Seventeen Magazine June 1988Adorn yourself with the colors of the earth . . . like this celery-green cable-knit sweater and paisley shorts in plum. Tie a terra-cotta sash around your waist and a golden-brown bandanna around your neck.

Seventeen Magazine June 1988You can almost see the romantic lavender fields of Provence when you wear this lovely blossoms-covered sundress in chambray-blue.

Seventeen Magazine June 1988The traditional colors of Provence–sun-bleached white and French-blue (a color somewhere between the sea and the sky)–inspired this pretty striped tand and folkloric-print skirt.

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Desert Bloom, Seventeen Magazine June 1988

I was digging in my basement and came across my Seventeen Magazines from high school. Yes, I kept them! No, I’m not a packrat. So, this was a surprise that I still had them. The text on these pages is dramatic just like the vibrant colors – oh 1980s, you were so funny.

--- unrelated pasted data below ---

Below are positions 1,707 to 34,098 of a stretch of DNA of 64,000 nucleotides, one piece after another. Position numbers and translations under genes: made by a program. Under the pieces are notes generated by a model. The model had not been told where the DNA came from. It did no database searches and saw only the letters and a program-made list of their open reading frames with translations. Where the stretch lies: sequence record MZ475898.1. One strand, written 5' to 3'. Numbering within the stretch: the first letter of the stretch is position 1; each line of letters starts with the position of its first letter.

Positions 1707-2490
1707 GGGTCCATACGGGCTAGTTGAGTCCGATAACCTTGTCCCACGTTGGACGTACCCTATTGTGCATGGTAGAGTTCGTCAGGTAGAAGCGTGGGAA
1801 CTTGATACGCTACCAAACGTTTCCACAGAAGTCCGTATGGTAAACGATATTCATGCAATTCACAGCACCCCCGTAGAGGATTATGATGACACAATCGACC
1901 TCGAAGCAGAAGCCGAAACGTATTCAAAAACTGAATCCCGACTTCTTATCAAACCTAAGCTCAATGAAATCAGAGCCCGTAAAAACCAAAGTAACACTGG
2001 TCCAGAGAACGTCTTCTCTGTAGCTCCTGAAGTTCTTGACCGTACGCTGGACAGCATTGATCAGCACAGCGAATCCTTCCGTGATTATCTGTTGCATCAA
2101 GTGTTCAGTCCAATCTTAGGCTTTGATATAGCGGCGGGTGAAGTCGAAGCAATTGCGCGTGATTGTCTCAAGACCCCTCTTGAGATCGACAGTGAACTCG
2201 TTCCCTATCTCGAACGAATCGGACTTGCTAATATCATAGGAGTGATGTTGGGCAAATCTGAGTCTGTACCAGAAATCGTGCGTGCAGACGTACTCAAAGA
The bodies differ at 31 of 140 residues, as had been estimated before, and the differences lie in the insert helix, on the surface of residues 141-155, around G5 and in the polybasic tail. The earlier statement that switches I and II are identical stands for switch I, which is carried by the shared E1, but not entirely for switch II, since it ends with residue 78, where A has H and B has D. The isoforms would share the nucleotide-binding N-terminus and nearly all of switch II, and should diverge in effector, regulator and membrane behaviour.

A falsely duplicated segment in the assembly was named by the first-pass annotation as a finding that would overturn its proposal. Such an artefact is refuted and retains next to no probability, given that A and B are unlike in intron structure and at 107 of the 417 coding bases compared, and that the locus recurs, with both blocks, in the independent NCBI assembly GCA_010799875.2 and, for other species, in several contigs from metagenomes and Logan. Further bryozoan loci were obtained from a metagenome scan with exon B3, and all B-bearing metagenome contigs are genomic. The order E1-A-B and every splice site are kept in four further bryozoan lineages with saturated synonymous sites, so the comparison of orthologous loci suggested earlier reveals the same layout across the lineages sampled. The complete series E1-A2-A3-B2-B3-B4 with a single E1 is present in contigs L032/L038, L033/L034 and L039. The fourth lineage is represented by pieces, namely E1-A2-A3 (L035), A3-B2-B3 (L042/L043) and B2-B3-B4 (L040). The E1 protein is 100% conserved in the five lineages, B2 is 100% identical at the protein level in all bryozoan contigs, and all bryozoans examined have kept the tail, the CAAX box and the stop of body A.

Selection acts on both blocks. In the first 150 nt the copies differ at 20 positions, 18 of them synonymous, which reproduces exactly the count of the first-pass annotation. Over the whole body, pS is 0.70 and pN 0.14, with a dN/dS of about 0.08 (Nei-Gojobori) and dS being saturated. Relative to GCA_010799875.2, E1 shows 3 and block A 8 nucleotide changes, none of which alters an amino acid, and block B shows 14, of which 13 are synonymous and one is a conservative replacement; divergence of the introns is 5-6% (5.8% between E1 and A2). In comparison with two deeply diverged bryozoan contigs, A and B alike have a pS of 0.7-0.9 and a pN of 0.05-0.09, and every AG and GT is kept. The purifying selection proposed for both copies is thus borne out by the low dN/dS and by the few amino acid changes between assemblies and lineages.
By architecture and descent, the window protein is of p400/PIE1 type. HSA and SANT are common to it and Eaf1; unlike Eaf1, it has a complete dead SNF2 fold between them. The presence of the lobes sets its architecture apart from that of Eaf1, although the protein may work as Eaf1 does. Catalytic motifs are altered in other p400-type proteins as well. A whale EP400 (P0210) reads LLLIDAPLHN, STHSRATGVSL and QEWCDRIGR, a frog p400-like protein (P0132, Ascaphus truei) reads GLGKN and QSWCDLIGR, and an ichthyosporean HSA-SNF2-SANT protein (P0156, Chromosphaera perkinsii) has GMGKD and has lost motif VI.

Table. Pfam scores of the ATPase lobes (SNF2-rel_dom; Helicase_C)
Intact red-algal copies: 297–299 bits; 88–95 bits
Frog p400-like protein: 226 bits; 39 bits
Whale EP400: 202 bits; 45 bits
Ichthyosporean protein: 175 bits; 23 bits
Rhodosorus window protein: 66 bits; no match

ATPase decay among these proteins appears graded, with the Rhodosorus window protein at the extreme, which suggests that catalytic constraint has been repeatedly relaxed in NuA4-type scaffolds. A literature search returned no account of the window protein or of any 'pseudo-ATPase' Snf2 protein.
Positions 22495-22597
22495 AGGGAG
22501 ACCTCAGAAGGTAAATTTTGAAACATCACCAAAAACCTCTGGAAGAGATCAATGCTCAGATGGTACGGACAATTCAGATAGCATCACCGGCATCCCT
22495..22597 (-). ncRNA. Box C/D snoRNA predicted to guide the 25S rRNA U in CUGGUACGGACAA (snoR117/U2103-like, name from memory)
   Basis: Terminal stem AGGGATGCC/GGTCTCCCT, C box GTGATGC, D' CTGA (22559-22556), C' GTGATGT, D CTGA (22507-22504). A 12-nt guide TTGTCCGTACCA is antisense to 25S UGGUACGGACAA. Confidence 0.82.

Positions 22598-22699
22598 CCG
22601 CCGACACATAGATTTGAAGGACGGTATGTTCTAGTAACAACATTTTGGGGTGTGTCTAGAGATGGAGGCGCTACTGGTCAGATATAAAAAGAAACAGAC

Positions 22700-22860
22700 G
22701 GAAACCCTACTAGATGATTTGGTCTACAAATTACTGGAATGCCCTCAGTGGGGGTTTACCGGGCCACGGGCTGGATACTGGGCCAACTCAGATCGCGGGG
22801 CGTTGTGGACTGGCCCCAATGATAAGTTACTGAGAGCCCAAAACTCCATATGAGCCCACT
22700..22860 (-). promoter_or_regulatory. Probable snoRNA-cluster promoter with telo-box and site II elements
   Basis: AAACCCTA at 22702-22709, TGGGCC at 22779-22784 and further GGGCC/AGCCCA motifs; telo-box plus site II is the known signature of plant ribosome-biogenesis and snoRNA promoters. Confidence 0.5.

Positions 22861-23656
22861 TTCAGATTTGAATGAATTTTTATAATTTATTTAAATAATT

Seventeen Magazine June 1988Hold onto you hot! Your sizzling summer is about to get just that much hotter. It’s your turn to burn in blazing-bright clothes that combine the best of the zest: Spanish, south-of-the-border, even Indian influences, rich with authentic peasant touches. Strike a match with a midriff-baring ribbed sweater in patent pink (notice the Mexican-style trim at the neckline) and cropped calypso pants in a primitive print.

Seventeen Magazine June 1988 Milla JovovichLet it simmer with warm glimmers of color–a light-beige shadow across the lids, a sheer-peach blush over the cheeks, a burnt-coral tint on the lips. Do you recognize this model? It’s twelve-year-old Mila Jovovich!

Seventeen Magazine June 1988Raise some temperatures–and a few eyebrows–with makeup in soft, dusty shades and ethnic clothes in rich, radiant colors. A natural wonder, the face is bare but for hints of pale pink stroked across the brow-bone and the lips and a smoky rose swept over the cheekbones.

Seventeen Magazine June 1988Adding some spice for flavor–a saffron peasant blouse paired with La Bamba-inspired cropped pant (with ruffles down the sides). Extra impact: a sash in red-hot red around the waist.